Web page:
The Crisis in Tunisia: Africa’s Youth Unemployment Time-Bomb

The Annual African Union Summit convenes this week in Addis Ababa. In addition to discussing this year’s theme “Towards Greater Unity and Integration through Shared Values,” African heads of states are faced with two major crises in Cote d’Ivore and in Tunisia. While many scholars have focused on the regime change aspect of the crisis in Tunisia, we suggest that a primary contributory factor of the crisis is high joblessness among youths.

The crisis in Tunisia is an important reminder of why unemployment, more importantly, youth unemployment should be at the forefront of Africa’s growth agenda over the next decade. Youth unemployment/underemployment is not just a threat to authoritarian regimes like that of Tunisia but also to democracies. In Ghana, one of Africa’s most successful democracies, jobless youths have taken to barricading government offices and making demands to politicians.

Africa has had significant growth over the last decade. In fact, GDP growth averaged more than 5 percent over the last decade. The continent is now being praised for a speedy recovery in the wake of the global financial and economic crisis. Unfortunately, high GDP growth has not led to employment growth. As reported by the International Labor Office (ILO), about 7.2 percent of Africa’s youths are unemployed and an additional 46.9 percent are underemployed or inactive. African economies have been able to achieve and sustain high growth but attention now must focus on job creation.

According to the 2010 Africa Economic Outlook, more than 60 percent of Africa’s population is under the age of 25 and expected to increase to 75 percent by 2015.  The United Nations Population division has also observed that Africa’s youth bulge is quite unique; the region will account for 29 percent of the world’s population aged 15-24 by 2050, up from 9 percent in 1950. By comparison Asia/Pacific and Latin America/Caribbean will maintain their 1950 shares of 54 percent and 7 percent respectively in 2050.

With aging populations in advanced economies and rising wages in Asia, Africa has the opportunity to become the next center for manufacturing, ICT and service sector jobs. Africa’s “youth bulge” need not be a harbinger of conflict and instability in Africa.

A key challenge for Africa is the fact that the jobs that are available in the wage sector are too few compared with the bulging youth labor market. Also, the market for capital that youth should be able to access to create enterprises and jobs for themselves is severely underdeveloped in Africa.

One part of the solution to address this problem is to provide tax incentives for foreign firms that establish operations in Africa. These incentives should be focused on investments made in targeted industries such as manufacturing and ICTs. Incentives could be designed to reward companies that hire local staff across the spectrum of their operations especially in the upper management category.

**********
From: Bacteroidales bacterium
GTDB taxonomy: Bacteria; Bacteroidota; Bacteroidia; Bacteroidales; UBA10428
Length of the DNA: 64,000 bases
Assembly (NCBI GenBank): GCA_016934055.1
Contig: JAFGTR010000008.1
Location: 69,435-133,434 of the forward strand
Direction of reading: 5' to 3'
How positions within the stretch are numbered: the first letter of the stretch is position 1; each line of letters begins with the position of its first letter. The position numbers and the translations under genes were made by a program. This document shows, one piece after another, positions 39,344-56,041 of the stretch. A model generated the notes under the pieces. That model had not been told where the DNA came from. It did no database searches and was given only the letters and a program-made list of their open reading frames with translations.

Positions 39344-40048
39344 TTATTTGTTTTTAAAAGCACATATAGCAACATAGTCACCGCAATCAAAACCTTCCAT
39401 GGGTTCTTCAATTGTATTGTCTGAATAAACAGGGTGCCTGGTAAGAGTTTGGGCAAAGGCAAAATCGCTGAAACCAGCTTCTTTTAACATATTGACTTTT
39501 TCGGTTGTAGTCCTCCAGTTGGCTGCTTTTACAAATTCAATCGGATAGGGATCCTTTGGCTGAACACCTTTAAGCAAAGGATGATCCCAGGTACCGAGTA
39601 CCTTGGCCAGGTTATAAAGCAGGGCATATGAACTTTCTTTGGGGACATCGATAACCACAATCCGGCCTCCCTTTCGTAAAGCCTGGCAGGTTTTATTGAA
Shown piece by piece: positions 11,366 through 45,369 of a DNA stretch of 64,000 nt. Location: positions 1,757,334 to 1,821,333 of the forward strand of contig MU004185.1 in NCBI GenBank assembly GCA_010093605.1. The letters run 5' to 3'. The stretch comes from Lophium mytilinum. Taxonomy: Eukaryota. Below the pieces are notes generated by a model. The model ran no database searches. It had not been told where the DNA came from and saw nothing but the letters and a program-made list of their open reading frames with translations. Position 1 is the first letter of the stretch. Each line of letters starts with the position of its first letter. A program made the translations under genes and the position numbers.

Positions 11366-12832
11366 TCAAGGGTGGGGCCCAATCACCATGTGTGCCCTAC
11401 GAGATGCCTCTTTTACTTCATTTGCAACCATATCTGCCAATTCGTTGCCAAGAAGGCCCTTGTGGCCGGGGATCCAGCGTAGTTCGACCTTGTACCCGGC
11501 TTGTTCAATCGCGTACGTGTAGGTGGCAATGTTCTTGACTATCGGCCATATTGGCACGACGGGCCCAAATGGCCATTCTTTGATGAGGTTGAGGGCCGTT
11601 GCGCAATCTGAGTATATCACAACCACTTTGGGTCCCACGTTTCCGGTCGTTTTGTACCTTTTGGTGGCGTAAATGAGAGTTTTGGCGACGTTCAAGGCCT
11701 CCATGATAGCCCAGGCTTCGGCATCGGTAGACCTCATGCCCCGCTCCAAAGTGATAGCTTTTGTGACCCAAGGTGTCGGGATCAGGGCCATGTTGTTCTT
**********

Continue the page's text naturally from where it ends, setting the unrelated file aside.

Africa has the opportunity to attract manufacturing companies as wages rise in Asia. There will be a significant first-mover advantage for those countries that create a good business environment and provide the right kind of skilled labor. It is important therefore for countries to align skills training with the kinds of jobs they want to attract. Those countries that wish to attract manufacturing jobs should ensure that local youth are trained in the use of machinery. Similarly those countries wishing to attract ICT-related jobs should provide computer training.

In addition to attracting foreign businesses to invest in Africa, African countries need to develop comprehensive strategies to create jobs locally. With more than 80 percent of the labor force engaged in small to medium sized enterprises (SMEs), the growth of SMEs should be an integral part of Africa’s job creation strategy.

This will require that capital be made available for businesses of all sizes. At present very small businesses have access to capital through microfinance institutions and large corporations have access through commercial banks. There is a “missing middle” for firms seeking to grow their businesses from small to medium to large, and for individuals willing to start businesses at middle levels. It is important to address this capital gap.

Governments need to make it easier for banks to extend loans to the “missing middle.” This means addressing the information problems that banks face when trying to extend loans to young entrepreneurs. National identification systems should be prioritized as a starting point for development of credit/consumer information systems. By facilitating information gathering, African governments can help to reduce the risk of doing business with young entrepreneurs which will in turn result in more favorable lending terms. 

Real regional integration is essential for job creation in Africa. One of the primary obstacles to doing business in Africa is the high transportation costs. Meaningful regional integration can help to reduce these costs. Manufacturing companies require efficient supply chains for their operations. Governments should work within their regional economic groups to make it easier to conduct cross-country commerce in Africa. One stop borders are a great place to start. The East African Community has reaped significant benefits from increased regional trade. Indeed, Uganda’s recovery from the global financial crisis was due in large part to the fact that half of the country’s trade is with regional partners. Other regional groups can reap similar benefits.

The crisis in Tunisia offers an important warning about the dangers of youth joblessness. With a comprehensive innovative strategy to tackle youth unemployment, Africa’s burgeoning youth population could become a real blessing for the region.